top of page

Do you need a contract to do that work?

There are so many things to manage on a construction site, it's a huge task, which is why there are University degrees and various project management courses available to ensure your project is managed right. Project management training allows you to be solution focused, which means you know how to get things done, implement processes, identify risks and have good people management skills. Well, that's at least what it said on the packet of some courses I looked up recently.


Project management skills are transferable across many industries, but, I argue that a homeowner choosing to project manage their own build is not a good use of time, money or energy. It is my opinion that building or renovating a house takes skills that most homeowners don't have (ok ok, there are probably some that are very capable, so I won't rule everyone out! Sorry!). But most homeowners likely manage the project themselves because they believe it will save them money. But project management of a construction project takes ALOT of time, and ensuring trades communicate well is essential to a well-built home.


But something I've come across quite a few times in my years visiting issues onsite is the lack of a contract between client and contractor. Since 1 January 2015, all building works have a mandatory requirement for a written contract for works greater than $30,000 (including GST) where work is provided directly to a client. MBIE does recommend you have a contract for works less than $30,000 (including GST) also. Contracts ensure all involved in the project understand the obligations, requirements and expectations. But from my perspective, what is even more important, is that the contract provides a guide as next steps should something go wrong with the project with a dispute resolution section.


To be clear, I believe that it's not just "building work", that requires a contract, but any work that affects the weather tightness envelope (like windows and doors), or any products supplied within the built environment that could suffer from damage or defect issues, or could suffer from supply delays. Both the client and the contractor can be protected by using a well-written contract.

contracts -Disclosure-statement-template
.pdf
Download PDF • 36KB

The file above is a checklist you can print out and use with clients to ensure you have covered the important consumer protection measurements required under Part 4A of the Building Act 2004. This disclosure document is an essential part of a contract with a client.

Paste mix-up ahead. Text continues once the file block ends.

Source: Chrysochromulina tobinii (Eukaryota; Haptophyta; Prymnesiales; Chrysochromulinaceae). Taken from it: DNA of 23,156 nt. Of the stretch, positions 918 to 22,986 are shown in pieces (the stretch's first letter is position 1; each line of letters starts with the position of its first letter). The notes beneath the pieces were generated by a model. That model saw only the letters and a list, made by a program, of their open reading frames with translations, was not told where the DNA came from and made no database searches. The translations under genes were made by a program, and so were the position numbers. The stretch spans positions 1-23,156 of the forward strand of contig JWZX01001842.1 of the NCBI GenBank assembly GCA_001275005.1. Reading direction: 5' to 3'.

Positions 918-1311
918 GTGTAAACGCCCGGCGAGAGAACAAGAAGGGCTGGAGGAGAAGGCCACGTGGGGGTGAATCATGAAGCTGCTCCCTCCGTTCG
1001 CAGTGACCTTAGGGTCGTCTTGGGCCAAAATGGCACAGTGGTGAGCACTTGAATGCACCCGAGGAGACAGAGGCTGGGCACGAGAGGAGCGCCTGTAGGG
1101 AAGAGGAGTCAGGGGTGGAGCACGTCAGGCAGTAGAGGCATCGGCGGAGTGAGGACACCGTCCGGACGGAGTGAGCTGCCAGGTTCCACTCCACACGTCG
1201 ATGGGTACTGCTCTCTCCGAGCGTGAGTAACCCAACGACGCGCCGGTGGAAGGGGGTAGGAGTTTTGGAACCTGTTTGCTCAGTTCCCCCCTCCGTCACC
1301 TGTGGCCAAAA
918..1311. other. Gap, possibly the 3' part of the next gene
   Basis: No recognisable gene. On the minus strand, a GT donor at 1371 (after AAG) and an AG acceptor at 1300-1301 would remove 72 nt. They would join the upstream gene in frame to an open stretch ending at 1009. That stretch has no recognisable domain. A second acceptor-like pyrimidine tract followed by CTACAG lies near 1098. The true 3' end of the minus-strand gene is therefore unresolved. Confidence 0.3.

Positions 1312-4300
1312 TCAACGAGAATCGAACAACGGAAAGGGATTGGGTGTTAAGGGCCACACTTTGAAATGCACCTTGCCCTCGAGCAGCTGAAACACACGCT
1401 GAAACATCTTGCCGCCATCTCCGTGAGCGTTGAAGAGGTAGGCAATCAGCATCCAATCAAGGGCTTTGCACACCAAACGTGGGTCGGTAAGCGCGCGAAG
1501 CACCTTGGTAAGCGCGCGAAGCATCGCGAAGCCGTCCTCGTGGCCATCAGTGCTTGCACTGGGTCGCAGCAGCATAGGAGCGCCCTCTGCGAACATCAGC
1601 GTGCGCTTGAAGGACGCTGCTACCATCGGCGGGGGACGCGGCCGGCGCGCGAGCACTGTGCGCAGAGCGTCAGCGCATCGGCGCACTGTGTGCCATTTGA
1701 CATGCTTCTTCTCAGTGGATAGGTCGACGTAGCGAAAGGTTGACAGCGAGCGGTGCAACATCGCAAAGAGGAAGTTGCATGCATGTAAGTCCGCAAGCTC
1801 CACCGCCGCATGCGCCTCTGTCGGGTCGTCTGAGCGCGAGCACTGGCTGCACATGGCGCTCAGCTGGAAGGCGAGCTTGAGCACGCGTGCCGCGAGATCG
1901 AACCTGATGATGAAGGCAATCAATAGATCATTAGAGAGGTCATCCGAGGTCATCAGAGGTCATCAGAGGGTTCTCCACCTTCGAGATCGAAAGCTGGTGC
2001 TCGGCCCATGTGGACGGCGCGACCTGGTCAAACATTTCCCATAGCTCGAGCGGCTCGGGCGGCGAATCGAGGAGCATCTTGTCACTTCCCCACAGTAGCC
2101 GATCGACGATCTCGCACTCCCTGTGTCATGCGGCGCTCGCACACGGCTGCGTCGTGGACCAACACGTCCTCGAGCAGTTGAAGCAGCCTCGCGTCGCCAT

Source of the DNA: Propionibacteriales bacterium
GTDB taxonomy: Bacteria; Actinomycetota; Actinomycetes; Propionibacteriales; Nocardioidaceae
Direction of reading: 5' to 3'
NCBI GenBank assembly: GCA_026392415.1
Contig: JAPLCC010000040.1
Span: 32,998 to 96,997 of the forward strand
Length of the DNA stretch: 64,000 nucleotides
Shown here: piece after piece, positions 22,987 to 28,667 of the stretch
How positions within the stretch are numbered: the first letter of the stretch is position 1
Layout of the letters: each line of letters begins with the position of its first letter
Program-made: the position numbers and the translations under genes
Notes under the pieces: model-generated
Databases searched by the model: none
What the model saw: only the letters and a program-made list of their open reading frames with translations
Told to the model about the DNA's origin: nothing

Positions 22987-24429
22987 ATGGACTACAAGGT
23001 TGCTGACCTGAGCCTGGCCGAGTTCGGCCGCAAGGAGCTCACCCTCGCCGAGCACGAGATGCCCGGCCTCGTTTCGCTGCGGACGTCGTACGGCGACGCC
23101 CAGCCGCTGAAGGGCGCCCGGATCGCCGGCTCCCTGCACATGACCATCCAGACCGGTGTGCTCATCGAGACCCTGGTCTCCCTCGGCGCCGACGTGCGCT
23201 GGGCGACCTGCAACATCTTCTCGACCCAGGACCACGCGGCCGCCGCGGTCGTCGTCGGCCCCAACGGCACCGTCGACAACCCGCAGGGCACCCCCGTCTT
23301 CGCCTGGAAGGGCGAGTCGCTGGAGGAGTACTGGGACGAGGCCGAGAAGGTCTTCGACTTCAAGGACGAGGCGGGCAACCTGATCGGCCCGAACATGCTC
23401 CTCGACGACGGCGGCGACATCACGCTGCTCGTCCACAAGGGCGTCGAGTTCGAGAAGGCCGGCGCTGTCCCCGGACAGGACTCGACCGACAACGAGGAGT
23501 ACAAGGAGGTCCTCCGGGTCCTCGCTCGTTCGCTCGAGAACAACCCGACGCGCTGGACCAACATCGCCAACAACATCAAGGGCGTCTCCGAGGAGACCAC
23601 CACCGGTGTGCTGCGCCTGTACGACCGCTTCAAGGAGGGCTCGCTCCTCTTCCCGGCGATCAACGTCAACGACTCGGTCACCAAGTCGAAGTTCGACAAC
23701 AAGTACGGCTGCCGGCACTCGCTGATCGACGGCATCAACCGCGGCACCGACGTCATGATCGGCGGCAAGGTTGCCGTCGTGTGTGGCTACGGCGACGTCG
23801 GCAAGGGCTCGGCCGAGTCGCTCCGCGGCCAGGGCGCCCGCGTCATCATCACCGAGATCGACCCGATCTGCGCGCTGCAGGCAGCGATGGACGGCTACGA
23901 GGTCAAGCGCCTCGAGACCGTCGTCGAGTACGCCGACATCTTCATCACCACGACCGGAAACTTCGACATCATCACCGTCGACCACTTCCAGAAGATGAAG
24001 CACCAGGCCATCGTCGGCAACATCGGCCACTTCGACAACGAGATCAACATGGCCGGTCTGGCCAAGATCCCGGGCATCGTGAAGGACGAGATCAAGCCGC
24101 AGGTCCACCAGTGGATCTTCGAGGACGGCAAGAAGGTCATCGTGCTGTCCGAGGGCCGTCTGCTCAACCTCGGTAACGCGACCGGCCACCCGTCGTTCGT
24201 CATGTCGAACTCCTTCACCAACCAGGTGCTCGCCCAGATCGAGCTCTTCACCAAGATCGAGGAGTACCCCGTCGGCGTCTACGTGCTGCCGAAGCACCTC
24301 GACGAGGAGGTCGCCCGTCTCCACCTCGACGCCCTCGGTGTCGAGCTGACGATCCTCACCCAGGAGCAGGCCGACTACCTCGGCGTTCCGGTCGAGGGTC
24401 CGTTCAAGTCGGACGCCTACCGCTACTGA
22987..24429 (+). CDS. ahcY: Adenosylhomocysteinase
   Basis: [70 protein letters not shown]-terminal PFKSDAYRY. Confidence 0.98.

According to the Building Act a contractor must supply:

  • A disclosure statement (see download above) which includes the contractors skills, qualifications, licensing status and any insurance or guarantees related to the work.

  • A standard checklist (see download below) that includes information about the steps of the project and minimum requirements for the contract.


Consumer-protection-checklist
.pdf
Download PDF • 127KB

A contractor can be convicted and fined up to $50,000 and organisations can be convicted and fined up to $150,000 if false or misleading information is provided, or if they leave information out of the disclosure statement. To protect themselves, homeowners managing their own building sites should insist on a contract, as it protects both parties in my opinion.


A recent article from Newsroom indicated that the Master Builders contract favours the builder.

Now anyone who has worked in the construction industry knows that delays are pretty rough, and seem to go hand in hand with material price increases, so it's understandable that the MB contract provides clauses based on delay issues. Additionally, what I have seen from homeowner behaviour over the years is the desire/need to withhold money should there be a dispute. Therefore, a well-worded and fair contract would, in my opinion, be better than no contract. If you have a Master Builders contract beware, as these contracts have the ability to take a caveat over the property title should payment disputes arise.


Overall, it is my recommendation to always have a contract in place if you are providing products directly to a client who is undertaking their own project management of their building project. The issues might be onsite defects the client identifies, or it might be that the client does not pay on time, or to an agreed schedule. If the project goes well, then all the contract costs you was a little bit of time. But if the project goes poorly, the payback is immense.


Contract options available:


NZS 3902:2004 Housing, Alterations and Small Business contract. MBIE has sponsored FREE access to a single print downloadable PDF


NZS 3916:2013 Conditions of contract for building and civil engineering – Design and construct can be purchased on the Standards New Zealand website. While this contract does cost to download, the long-term benefits will be worth it, due to the provisions for dispute resolution.



Do you agree with always providing a written contract for building work?

  • 0%Yes

  • 0%No



34 views0 comments

Recent Posts

See All

Comments


bottom of page